Potter brings father/child together

Colleen Stein

Colleen Stein

Rowling’s Magic Harry Potter Gumbo

1 Tuft Merlin’s beard, 1 Hairy toe of Hobbit, 1 Fistful fairy wings, 1 Wallop Wonka 1 gal. Greek Mythology.

Combine ingredients in an iron cauldron and cook over an open flame. Once brought to a boil, remove from heat and let cool for three years. Rowling’s Magic Harry Potter gumbo makes four to seven servings…

I’m definetly not one to jump on the bandwagon, so why would a 20-year old nonconformist college student enjoy Harry Potter? I have my reasons…

I grew up learning to love controversy. Anything the general public hated, my father adored.

Family night sitcoms included The Simpsons, Married with Children and South Park. As a former lobbyist for the satellite industry, my dad firmly believed in the power of free speech.

He was a full-fledged activist for an enclave of radical organizations. The man spent hours surfing the web, researching political conspiracies, provoking verbal fist fights with the town’s mayor, and serving as secretary for the South Dakota Chapter of the National Organization for the Reform of Marijuana Laws (NORML).

The issue of people attempting to ban stories of an orphan wizard from school and library shelves was small potatoes to my father?but I, with an affinity for fantasy and lore, saw it as a good topic for my argumentative essay in composition class.

Upon buying the first book, I fell instantly in love. That’s when I went from an average person, ignorantly passing store shelves lined with paperbacks of what appeared to be Where’s Waldo on a broomstick, into a hardcore Harry Potter fan.

It did not take long until one of my Potter books fell into my father’s hands.

The man read an average of one to two books a night, alternating authors like Alan Dean Foster, Patrick McManus and Carlos Castaneda. As I was cracking open the third book in the series, The Prisoner of Azkaban, me father was already finished with its two predecessors, telling my to hurry up and read faster. Several evenings we compared notes over dinner, agreeing J.K. Rowling had done well with her tales of innocent fantasy and fun.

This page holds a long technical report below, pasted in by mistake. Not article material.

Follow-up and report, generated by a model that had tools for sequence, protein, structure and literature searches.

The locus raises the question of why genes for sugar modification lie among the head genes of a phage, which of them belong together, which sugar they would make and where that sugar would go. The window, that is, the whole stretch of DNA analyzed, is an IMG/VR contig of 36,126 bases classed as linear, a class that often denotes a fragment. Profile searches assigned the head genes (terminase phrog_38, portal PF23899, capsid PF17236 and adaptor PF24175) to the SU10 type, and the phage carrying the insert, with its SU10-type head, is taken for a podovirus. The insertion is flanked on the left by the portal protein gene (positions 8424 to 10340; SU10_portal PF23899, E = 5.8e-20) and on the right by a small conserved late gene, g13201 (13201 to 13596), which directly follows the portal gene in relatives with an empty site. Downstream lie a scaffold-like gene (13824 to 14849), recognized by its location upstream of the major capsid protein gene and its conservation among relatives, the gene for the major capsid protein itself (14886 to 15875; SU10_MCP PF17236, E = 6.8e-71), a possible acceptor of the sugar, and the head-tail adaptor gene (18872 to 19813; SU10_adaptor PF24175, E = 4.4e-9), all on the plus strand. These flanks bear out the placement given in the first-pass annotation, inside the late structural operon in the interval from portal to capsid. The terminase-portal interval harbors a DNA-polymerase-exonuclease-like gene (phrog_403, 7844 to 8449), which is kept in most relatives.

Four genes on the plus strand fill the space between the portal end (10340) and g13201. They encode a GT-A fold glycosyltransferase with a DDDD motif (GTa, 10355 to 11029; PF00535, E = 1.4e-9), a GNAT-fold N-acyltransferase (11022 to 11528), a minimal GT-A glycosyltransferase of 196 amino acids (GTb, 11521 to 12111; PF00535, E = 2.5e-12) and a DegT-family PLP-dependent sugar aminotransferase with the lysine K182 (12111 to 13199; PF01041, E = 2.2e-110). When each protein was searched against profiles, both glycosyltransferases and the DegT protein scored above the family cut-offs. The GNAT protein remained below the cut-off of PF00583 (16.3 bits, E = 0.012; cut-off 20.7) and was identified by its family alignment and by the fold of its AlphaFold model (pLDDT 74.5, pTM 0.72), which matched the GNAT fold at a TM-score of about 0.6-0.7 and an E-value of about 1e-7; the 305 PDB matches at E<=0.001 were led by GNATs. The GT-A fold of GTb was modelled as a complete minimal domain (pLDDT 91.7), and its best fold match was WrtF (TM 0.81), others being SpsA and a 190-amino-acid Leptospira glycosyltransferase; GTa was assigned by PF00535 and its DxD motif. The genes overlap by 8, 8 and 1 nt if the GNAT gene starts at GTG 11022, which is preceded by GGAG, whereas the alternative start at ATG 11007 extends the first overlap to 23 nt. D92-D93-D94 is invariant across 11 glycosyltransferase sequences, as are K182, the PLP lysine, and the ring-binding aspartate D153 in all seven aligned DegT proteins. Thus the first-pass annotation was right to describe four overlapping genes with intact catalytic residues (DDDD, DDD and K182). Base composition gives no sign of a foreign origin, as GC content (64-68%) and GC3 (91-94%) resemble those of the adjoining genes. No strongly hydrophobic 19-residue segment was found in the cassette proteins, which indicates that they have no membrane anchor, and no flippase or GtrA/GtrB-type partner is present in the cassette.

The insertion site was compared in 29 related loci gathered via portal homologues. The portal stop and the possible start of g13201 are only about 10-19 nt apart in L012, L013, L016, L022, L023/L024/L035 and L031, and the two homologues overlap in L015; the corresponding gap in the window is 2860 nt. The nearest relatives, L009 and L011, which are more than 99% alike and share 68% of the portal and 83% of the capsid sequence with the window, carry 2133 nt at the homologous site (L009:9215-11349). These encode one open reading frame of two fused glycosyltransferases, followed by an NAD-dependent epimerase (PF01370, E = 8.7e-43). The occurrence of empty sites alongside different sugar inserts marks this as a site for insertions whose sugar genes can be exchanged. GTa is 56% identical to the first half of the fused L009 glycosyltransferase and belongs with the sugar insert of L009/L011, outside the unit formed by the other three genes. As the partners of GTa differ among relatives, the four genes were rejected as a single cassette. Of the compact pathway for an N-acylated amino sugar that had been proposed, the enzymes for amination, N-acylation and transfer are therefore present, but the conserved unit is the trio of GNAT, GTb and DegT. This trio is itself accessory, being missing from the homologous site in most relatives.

We appreciated her style and themes, which were delivered the same manner as Roald Dahl, who wrote the classics Matilda and Charlie and the Chocolate Factory. Aside from the books, we also anticipated the upcoming release of the movie adaptation of Harry Potter and the Sorcerer’s Stone in December 2001.

Plans to attend the movie together fell short when my father died of a massive heart attack in October.

It was then that I found myself actually identifying with the character of Harry Potter, who had lost both of his parents in early childhood.

I suddenly knew what it was like to be not only different and an outcast but to also feel utterly alone and abandoned, forever missing someone I loved and connected with.

Today, I collect silly little Harry Potter propaganda as a way to pay homage to my dad and what we had in common.

Simple things like children’s books can serve as portals to beautiful times once spent, filling the air with the breath of someone loved, lost and remembered.

Send comments to Colleen Stein at [email protected]